Third, there is no local anymore. Social media contain an oxymoron. If you communicate well locally, you will likely be successful, but no communication on the web is local. It’s global. A private message to a friend can be sent around the world with a keystroke.

Fourth, social media are personally empowering but not private. Some users are comfortable revealing personal details (albeit not as personal as Rep. Weiner, I hope). But these details are not private once they’re on a Facebook page or a service such as Twitter. We should not be misled by the feel of the personal when we use these media. We’re potentially communicating to a vast audience, some of whom are not necessarily friends.

This is another oxymoron. While they empower us to reach out beyond our immediate geographic community, they can also bring us down because they’re transparent. They can expose our inconsistencies and hypocrisies. This built-in quality of transparency  demands consistency, if not authenticity. If we make false claims or behave in ways inconsistent with values we have espoused, somewhere, somehow, someone will expose the falsehood or inconsistency.

Rep. Weiner seems to have stumbled not only ethically but also in his use of media. And now we refer to him as former Rep. Weiner.

The Long Journey of Indian Monsooned Malabar

I roasted a small batch of Indian Monsooned Malabar coffee beans this afternoon. I love that name.

As I’ve written before, I’m not an afficionado. I’m a rank amateur hobbyist. But this bean is one reason I enjoy home roasting.  It lets my imagination run wild. In researching the name, I found that the method for aging these beans is a story in itself.

The beans are picked at maturity and shipped to the Malabar region of southern India where they are dried and exposed to the monsoon winds along the coast.  Various web sources report the coffee originally shipped from Malabar ports to Europe under sail. In the dank, wooden hulls of ships traversing the Cape of Good Hope, the beans were exposed to salty, humid sea air that caused swelling and changed their characteristics.

Green coffee beans left, Indian Monsooned Malabar right.

Green coffee beans left, Indian Monsooned Malabar right.

During the weeks-long journey they turned pale, lost acidity and developed a mild, musty flavor when roasted. Europeans took to it.
With the construction of the Suez Canal and steamships, the beans arrived in Europe faster but lacked the transformation that occurred during the slower voyage. The Europeans didn’t like it.
To capture the original taste today, the beans are transported to the Malabar region where they are stored until the monsoon season and then spread onto warehouse floors or tables and allowed to dry in the humid monsoon air for several weeks.  They are raked or turned by hand during this period to expose them uniformly and prevent spoilage. This reproduces the transformation of the old sea voyage.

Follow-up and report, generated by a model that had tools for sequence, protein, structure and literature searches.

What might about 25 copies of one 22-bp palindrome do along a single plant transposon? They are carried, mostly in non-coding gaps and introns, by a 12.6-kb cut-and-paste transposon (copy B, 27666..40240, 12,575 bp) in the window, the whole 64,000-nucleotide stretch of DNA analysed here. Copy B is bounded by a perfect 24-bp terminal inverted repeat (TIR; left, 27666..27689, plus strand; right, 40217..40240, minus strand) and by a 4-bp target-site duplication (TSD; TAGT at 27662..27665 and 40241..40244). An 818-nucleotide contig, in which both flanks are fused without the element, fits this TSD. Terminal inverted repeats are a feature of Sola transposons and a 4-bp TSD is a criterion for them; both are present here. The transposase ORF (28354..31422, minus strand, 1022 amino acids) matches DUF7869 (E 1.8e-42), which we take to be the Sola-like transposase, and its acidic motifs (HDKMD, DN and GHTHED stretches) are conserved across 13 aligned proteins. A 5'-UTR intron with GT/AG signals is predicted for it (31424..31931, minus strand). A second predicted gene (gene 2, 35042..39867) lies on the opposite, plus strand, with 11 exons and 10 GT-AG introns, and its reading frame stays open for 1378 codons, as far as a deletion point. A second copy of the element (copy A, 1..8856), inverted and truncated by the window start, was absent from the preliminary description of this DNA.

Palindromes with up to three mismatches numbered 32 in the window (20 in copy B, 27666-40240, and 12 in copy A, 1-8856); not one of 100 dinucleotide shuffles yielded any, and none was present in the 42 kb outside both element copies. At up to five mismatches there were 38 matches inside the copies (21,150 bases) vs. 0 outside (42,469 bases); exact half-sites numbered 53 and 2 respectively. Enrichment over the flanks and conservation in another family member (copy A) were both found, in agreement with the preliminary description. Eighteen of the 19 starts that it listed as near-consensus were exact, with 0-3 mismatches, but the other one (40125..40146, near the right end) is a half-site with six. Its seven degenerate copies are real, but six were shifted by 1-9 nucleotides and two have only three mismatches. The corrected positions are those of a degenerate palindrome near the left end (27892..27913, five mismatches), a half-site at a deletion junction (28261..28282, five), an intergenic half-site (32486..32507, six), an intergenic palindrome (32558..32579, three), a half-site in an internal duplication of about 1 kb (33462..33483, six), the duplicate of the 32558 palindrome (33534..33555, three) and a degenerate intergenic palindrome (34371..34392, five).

The result is a distinctive flavor that, apparently, you either love or hate. I’m in the love group.

Rwanda Bourbon green coffee bean left Indian Monsooned Malabar right.

It’s called musty, but that carries an unfortunate negative connotation, I think. It’s a mild, unique flavor, not sweet, not acidic. That’s as far as I can go.

But in my mind, I’m standing at the southern tip of Africa, watching the penguins on shore and peering into the distant horizon where a three-masted sailing ship is buffeted by the high seas. It’s making the turn westward, a load of bagged coffee beans in her hull.

In a few months, the rich aroma of roasted Malabar beans will fill the air of a London coffee house where friends have gathered for conversation and businessmen are making deals over cups of fresh, hot coffee. They sip unaware of the labor of the long, dangerous journey that has brought them this simple pleasure.

“Fear is not the only force at work in the world today”


In the aftermath of the tragedy of 9/11, when the United States and the world were grieving, mainline denominations called for prayer, inclusion and reconciliation. In an ad near Ground Zero, The United Methodist Church proclaimed, “Fear is not the only force at work in the world.”

When the South Asian tsunami brought massive death and destruction to the people of the Asian Rim, the mainline voices said that it was not the work of a vengeful God. Instead, they said, God was in the suffering, standing with those experiencing great loss. The churches called on the world to assist, and people around the world did exactly that.

The voice of these denominations helps to shape public perceptions not only of themselves as denominations but also of God and the nature of religious faith. It is an important role in a world of harsh, extreme voices of exclusion and hate.

Yet, communication in most organizations is viewed as a back-office service function. When budgets are tight in nonprofits, especially religious groups, the first cuts are in the communications staff and their budgets.